[Purpose] Insufficient exercise leads most middle-aged women to have a higher risk of depression arising from menopausal symptoms. We hypothesized that heart rate variability (HRV) would show the adjustment of the autonomic nervous system reflecting degrees of depression in menopausal women with low exercise behaviors, and the aim of this study was to compare HRV between mild and severe depression cases to explore the potential of HRV as a diagnostic tool for depression. [Subjects and Methods] This was a cross-sectional study, and subjects were community-recruited menopausal women with low exercise behaviors. After subjects had completed the Taiwanese depression questionnaire (TDQ), electrocardiographic signals of the subjects with mild and severe depression were recorded for analysis of the HRV variables, and to create receiver operating characteristic curves. [Results] Twenty-eight women with mild depression (TDQ score: 11.62 ± 1.81) and 20 women with severe depression (TDQ score: 24.71 ± 1.57) agreed to analysis of their electrocardiographic signals. The between-group comparisons of high frequency (HF), low frequency (LF) and the LF/HF ratio showed statistically significant differences, and provided significant contributions to predicting depression in both groups. The area under the receiver operating characteristic curve for LF was significantly greater than that of HF. [Conclusions] LF and the LF/HF ratio better distinguish between subjects of different severity of depression than HF. This means that observation of the tone of sympathetic activity and the balance of the autonomic nervous system are better at distinguishing the severity of depression.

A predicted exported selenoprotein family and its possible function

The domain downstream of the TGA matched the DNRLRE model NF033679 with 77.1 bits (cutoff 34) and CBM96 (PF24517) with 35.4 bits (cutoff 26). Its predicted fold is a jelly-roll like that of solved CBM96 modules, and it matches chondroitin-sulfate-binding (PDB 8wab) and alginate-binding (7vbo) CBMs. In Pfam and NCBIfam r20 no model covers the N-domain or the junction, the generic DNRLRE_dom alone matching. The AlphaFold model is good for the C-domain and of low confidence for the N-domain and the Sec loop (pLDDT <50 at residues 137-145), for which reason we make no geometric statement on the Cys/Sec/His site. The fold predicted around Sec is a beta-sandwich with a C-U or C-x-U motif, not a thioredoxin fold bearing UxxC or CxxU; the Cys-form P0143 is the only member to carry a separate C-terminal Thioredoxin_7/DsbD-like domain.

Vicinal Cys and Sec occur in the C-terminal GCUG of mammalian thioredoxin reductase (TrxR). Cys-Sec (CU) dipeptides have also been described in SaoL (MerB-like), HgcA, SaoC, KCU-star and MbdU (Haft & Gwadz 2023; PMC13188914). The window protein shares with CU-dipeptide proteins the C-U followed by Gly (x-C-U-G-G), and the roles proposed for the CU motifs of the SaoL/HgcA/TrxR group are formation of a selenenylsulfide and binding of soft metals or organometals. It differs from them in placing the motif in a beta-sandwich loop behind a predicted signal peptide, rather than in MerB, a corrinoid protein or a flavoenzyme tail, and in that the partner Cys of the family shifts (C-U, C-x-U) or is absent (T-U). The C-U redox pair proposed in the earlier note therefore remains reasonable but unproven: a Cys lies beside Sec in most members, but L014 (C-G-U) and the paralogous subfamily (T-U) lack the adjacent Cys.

[Purpose] The aim of this research was to determine the reliability of: the Gross Motor Functional Measure (GMFM-88), the Pediatric Evaluation of Disability Index (PEDI) and the Timed Up and Go (TUG) test for children with cerebral palsy. [Subjects] Twenty children with CP took part in the research (7 with tetraplegia, 6 with diplegia and 7 with right hemiplegia). The children’s mean age was 4. 85 ± 2. 49 years, their mean height was 1. 06 ± 0. 17 m and their mean body mass 18. 58 ± 7. 5 kg. [Methods] All three tests were conducted twice on two separate days, under the same conditions. The intra-class correlation coefficient (ICC), mean RMS difference, standard error of measurement (SEM) and the coefficient of variation (CV) were used to quantify the reliabilities of the tests. [Results] The GMFM, PEDI and TUG tests presented very high reliability scores (ICC=0. 99). [Conclusion] These findings are in accordance with the findings of other studies concerning the reliability of the three tests for children with cerebral palsy or other patient populations. Therefore, it was concluded that all the three tests should be applied in order to reliably estimate the mobility and functional ability of children with cerebral palsy.